In vivo studies since the outbreak in the United States have shown that LT may play an important role in shock during anthrax infection and that its mechanisms of action are likely multifactorial. In rats, 24-hour LT infusions simulating toxin release during infection produced progressive hypotension, hemoconcentration, and increased lactate (41). Similar LT infusions in sedated, instrumented, and mechanically ventilated canines caused progressive shock associated with reductions in central venous pressure that persisted in nonsurvivors and were associated with lactic acidosis (42). These and other findings have suggested that LT may alter peripheral vasculature function. Consistent with this, in vitro LT disrupts endothelial cell function through stimulation of endothelial cell apoptosis and alterations in actin fibers and via mast cell activation (10, 43–45). Pulmonary dysfunction has not been prominent in these LT-challenged models. However, LT may also directly depress myocardial function. LT injection in rats and a limited number of canines reduced left ventricular function when measured 18 or 96 hours later, respectively (46). In mice, LT challenge reduced left ventricular ejection fraction (LVEF) as early as 6 hours (9). In another canine model, 24-hour LT infusions caused progressive reductions in LVEF from 48 to 96 hours but not in pulmonary artery occlusion pressures (42). Consistent with these in vivo findings, LT depressed cardiac myocyte function in vitro via NADPH oxidase-mediated mechanisms (47). Finally, it is possible that LT has a direct effect on mitochondrial or other function that injures cells. In rats, a regimen of norepinephrine infusion, which improved survival in LPS-challenged animals, increased blood pressure but not survival with LT (48).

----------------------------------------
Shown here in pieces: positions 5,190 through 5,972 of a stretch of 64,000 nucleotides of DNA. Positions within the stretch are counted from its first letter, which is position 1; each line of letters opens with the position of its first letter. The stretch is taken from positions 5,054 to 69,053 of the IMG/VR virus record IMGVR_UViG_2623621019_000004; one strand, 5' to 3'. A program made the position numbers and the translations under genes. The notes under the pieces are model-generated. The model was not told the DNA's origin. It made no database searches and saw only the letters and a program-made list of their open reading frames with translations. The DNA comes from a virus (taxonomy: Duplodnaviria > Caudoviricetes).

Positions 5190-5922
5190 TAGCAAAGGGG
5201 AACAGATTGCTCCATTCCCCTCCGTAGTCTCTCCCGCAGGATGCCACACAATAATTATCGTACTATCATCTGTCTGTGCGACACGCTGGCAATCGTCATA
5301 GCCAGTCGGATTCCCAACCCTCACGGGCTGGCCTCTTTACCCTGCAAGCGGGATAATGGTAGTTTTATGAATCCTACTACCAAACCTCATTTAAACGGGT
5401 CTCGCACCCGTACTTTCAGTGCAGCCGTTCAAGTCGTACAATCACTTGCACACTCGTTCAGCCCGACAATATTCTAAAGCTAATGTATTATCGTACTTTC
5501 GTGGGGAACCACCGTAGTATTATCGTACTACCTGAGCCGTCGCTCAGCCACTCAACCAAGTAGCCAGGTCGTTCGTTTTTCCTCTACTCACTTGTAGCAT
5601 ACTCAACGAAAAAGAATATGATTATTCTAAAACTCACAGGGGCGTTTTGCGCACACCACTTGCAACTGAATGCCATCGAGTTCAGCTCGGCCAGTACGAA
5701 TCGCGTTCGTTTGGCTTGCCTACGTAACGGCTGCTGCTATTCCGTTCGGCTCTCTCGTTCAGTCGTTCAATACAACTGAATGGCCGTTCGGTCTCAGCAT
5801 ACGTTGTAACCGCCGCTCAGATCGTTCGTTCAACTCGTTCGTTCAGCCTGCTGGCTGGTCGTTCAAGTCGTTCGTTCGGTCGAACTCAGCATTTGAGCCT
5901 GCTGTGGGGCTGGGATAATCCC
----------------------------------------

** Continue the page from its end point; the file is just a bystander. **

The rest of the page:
Although on a molar weight basis ET is less lethal than LT, it may play an important role in shock with anthrax. Clinically, substantial extravasation of fluid with severe anthrax cases has implicated ET in systemic infection (13). EF is known to increase intracellular cAMP to very high levels (8). cAMP in turn plays a central role in stimulating vasodilation (49, 50). In canines, 24-hour ET infusions rapidly reduced central venous arterial and blood pressure in patterns persisting for up to 96 hours (42). These changes were not associated with hemoconcentration or extravasation of fluid, suggesting that reductions in CVP and hypotension might represent direct vasodilation. ET also produced marked tachycardia, consistent with increased cAMP in cardiac pacemaker cells, but did not alter LVEF (51). Finally, despite hypotension, ET produced 10-fold increases in urine output as well as hyponatremia, suggesting renal tubular dysfunction (42). In rats administered ET, echocardiography demonstrated reduced preload, and lung pathology did not show extravasation of fluid (46). In a perfused rat heart model, ET increased heart rate and coronary flow, the latter once again consistent with direct vasodilation. ET also increased myocardial tissue and effluent cAMP levels (52). Monoclonal antibody directed against PA or adefovir, a nucleoside that inhibits EF adenylcyclase activity, inhibited these changes. ETs could also potentially contribute to vasopressor-resistant shock because agents that stimulate intracellular cAMP also blunt the effects of vasopressors.
Although lethal LT or ET challenges do not stimulate inflammatory mediator release, live B. anthracis challenge does, and this may contribute to shock and organ injury with anthrax (53, 54). Emerging evidence suggests that peptidoglycan from anthrax cell wall contributes to this inflammatory response. Whole anthrax cell wall was shown originally to stimulate TNF-α, IL-1β, and IL-6 release from human peripheral blood mononuclear cells (55). A subsequent study suggested that this activity was related to stimulation of cell surface TLR2/6 heterodimers (56). Purification of cell wall showed that its immunostimulatory effect was primarily related to peptidoglycan (57). Peptidoglycan was also shown to be shed by replicating bacteria. In vitro infection with anthrax also results in NOD-2–dependent IL-1β release (58). Challenge with whole anthrax cell wall in rats produced dose-dependent increases in lethality, lactate and circulating inflammatory cytokines, chemokine and nitric oxide levels, and thrombocytopenia (59). Thus, anthrax cell wall could produce a robust intravascular inflammatory response and hemodynamic and organ dysfunction. Patients and animals dying with anthrax have very high bacterial loads, the breakdown of which could contribute to shock (56, 57).